Nokia’s recent Threat Intelligence Report 2019 has warned on the fast-growing and evolving threat of malicious software targeting Internet of Things (IoT) devices. The report reveals that IoT botnet activity represented 78% of malware detection events in communication service provider networks in 2018 — more than double the rate seen in 2016, when IoT bot activity was first seen in meaningful numbers.
IoT bots now make up 16% of infected devices in CSP networks, up significantly from 3.5% a year ago. Malware threats against IoT devices could get worse as consumer adoption of such devices accelerate in the years ahead as 5G capabilities – including extreme broadband, ultra-low latency connectivity, and massive networking – advance.
“In the last three years, our Nokia Threat Intelligence Center has recognised a scary growth in smartphone attacks that malware writers and scammers love to employ,” said Vale. “In addition to the traditional SMS Trojans, spy phone apps, banking Trojans, information theft and ransomware, we are now seeing bitcoin mining added to the smartphone attack repertoire.”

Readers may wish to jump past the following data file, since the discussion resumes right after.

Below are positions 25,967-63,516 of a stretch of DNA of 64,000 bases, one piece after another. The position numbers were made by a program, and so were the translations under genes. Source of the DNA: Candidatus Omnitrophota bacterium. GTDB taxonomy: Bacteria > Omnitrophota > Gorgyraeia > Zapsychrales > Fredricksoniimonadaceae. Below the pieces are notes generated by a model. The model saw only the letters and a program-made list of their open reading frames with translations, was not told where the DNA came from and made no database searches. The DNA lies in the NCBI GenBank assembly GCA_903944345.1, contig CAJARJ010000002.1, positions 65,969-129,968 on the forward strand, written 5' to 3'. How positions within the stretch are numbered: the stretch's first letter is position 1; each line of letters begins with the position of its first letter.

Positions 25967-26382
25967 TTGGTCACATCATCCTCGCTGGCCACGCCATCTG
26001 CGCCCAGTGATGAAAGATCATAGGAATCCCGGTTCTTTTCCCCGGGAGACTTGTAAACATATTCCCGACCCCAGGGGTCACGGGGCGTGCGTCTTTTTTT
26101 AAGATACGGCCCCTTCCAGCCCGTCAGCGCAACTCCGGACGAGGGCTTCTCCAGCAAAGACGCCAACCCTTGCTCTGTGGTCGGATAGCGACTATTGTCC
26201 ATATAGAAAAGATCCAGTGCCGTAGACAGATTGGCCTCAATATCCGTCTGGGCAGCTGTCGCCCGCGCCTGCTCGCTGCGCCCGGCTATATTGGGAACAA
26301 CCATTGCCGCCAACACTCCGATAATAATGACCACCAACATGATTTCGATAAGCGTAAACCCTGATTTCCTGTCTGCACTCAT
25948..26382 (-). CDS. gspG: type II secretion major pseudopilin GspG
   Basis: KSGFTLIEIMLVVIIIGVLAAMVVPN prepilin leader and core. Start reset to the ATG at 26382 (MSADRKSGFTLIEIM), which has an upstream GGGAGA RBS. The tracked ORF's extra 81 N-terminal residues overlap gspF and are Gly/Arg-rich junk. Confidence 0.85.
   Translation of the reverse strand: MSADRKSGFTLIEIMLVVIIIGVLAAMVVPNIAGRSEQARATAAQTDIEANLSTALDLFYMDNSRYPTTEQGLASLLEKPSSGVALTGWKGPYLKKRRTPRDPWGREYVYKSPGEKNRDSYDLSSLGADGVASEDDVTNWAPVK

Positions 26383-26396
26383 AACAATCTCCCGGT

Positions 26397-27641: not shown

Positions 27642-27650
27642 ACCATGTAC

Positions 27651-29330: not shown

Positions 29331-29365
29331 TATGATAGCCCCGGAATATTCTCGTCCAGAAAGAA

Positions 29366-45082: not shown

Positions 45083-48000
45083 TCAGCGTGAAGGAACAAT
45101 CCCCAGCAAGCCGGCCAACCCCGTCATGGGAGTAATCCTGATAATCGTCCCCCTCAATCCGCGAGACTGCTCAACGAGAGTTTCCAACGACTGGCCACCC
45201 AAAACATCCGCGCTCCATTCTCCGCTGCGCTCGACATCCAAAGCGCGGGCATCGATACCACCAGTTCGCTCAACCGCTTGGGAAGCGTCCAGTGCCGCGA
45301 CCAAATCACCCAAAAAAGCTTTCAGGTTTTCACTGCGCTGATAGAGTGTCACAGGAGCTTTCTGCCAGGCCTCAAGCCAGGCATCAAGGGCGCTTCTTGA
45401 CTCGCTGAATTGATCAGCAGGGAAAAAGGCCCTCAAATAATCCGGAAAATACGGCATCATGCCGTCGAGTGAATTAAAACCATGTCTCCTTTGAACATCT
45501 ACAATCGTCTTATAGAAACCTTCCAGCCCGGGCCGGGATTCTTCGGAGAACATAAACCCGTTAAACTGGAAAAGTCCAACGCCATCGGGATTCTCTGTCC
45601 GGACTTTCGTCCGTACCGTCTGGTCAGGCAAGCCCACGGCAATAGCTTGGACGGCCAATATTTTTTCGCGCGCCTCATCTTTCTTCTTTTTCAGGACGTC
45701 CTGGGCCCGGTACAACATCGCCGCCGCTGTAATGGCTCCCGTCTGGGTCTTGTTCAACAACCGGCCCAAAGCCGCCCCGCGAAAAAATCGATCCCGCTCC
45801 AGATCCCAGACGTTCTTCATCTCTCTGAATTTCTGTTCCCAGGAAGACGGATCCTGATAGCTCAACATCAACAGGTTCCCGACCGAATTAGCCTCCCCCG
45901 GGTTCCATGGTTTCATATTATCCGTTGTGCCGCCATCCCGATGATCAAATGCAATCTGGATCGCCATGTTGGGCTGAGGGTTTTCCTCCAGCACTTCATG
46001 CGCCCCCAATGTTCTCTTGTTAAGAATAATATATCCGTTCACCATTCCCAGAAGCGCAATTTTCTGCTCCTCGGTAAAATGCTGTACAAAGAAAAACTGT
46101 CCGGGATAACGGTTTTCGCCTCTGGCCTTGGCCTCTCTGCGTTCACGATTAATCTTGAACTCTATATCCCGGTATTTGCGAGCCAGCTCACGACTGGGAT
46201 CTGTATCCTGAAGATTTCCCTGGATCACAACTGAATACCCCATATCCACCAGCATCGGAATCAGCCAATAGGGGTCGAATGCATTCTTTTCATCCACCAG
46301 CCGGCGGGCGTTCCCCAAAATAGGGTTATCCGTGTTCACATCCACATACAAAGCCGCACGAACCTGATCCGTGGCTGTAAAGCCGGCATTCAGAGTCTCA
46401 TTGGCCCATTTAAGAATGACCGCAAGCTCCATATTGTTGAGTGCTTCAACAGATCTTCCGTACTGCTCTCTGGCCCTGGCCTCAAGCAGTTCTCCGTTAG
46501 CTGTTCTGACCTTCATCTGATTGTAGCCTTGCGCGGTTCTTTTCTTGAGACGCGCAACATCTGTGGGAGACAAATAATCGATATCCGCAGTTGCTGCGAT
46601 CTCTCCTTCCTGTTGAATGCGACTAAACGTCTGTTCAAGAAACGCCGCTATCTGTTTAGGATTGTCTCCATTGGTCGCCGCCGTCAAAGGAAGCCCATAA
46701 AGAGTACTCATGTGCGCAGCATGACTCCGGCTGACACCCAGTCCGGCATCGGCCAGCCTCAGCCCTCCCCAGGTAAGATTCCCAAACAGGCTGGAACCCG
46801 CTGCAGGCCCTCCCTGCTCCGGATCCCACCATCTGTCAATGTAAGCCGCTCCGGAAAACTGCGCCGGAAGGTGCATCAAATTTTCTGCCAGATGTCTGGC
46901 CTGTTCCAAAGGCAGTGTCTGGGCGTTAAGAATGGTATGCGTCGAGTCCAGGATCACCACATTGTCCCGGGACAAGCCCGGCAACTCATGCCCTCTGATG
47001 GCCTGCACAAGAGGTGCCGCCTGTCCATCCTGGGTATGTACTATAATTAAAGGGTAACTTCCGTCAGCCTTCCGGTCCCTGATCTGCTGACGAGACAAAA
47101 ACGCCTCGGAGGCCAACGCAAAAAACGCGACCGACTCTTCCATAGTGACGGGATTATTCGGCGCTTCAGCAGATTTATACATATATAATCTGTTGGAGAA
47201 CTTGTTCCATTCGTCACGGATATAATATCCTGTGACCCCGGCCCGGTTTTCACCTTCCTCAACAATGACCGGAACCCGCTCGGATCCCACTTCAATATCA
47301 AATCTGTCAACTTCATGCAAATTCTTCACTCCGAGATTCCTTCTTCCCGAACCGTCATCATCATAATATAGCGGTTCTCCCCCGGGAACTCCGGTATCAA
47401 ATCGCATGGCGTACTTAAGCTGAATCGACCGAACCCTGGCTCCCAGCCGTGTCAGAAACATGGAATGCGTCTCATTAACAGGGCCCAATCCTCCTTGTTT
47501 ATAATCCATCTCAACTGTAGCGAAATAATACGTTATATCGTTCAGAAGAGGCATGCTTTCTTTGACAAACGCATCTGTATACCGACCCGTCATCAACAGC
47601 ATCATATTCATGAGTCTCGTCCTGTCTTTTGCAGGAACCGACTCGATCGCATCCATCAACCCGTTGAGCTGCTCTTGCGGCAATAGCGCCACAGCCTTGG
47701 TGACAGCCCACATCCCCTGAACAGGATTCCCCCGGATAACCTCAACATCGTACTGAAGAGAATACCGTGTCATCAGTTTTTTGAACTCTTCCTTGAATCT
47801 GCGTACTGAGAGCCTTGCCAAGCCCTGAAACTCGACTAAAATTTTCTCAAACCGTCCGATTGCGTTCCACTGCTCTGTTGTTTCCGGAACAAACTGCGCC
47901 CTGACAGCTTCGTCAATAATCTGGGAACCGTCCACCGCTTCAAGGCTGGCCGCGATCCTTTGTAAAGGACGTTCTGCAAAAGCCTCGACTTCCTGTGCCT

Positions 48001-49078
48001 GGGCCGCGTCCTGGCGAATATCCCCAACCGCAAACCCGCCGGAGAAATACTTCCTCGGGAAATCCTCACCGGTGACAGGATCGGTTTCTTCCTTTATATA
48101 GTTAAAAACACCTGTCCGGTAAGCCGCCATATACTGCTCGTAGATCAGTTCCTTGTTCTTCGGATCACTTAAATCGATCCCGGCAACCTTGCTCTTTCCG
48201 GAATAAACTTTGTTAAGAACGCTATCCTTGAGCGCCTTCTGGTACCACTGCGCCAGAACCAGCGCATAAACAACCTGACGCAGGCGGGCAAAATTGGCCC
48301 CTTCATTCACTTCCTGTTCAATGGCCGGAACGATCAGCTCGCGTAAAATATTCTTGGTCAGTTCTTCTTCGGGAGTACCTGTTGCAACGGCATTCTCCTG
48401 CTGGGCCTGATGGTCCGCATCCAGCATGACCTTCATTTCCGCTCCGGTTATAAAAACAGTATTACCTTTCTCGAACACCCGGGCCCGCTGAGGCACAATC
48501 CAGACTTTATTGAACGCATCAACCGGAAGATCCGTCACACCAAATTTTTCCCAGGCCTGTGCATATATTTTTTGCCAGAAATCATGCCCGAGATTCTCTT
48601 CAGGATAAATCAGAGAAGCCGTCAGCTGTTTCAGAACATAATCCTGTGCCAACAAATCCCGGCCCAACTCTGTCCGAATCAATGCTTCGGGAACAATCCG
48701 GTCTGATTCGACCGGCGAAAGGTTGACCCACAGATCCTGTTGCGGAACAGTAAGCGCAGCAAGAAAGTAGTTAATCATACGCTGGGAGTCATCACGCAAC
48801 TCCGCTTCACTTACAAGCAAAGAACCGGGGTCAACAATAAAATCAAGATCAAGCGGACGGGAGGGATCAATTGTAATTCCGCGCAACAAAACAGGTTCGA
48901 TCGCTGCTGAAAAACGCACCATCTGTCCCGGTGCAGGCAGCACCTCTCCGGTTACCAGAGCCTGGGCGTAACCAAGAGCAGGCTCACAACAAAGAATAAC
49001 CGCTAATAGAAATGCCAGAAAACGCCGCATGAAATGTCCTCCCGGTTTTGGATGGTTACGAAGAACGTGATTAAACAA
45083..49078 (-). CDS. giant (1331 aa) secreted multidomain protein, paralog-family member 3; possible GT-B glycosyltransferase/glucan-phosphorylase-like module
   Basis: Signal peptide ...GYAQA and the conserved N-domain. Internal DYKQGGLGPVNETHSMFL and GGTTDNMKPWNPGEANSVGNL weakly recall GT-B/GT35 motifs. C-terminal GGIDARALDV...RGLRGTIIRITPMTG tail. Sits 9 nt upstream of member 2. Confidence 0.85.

To address this, service providers and enterprises must implement modern security operations solutions capable to aggregate, correlate and analyse data from disparate point tools into cohesive and enriched security intelligence with business-specific context. An integrated security workflow automation and orchestration are at the heart of the transition from static defence to agile and adaptive response.
To address these challenges, Nokia proposes its NetGuard, an award-winning suite of integrated software modules providing end-to-end Security, Orchestration, Analytics and Response (SOAR). This industry-leading software is powered by Machine Learning, analytics and automation that provides extensive visibility and insight into the nature of security threats, and drives intelligent, automated responses.
Thus, while it is important for operators to adopt Digital Transformation in Digital Time, it is also equally important for them to proactively address the security challenges.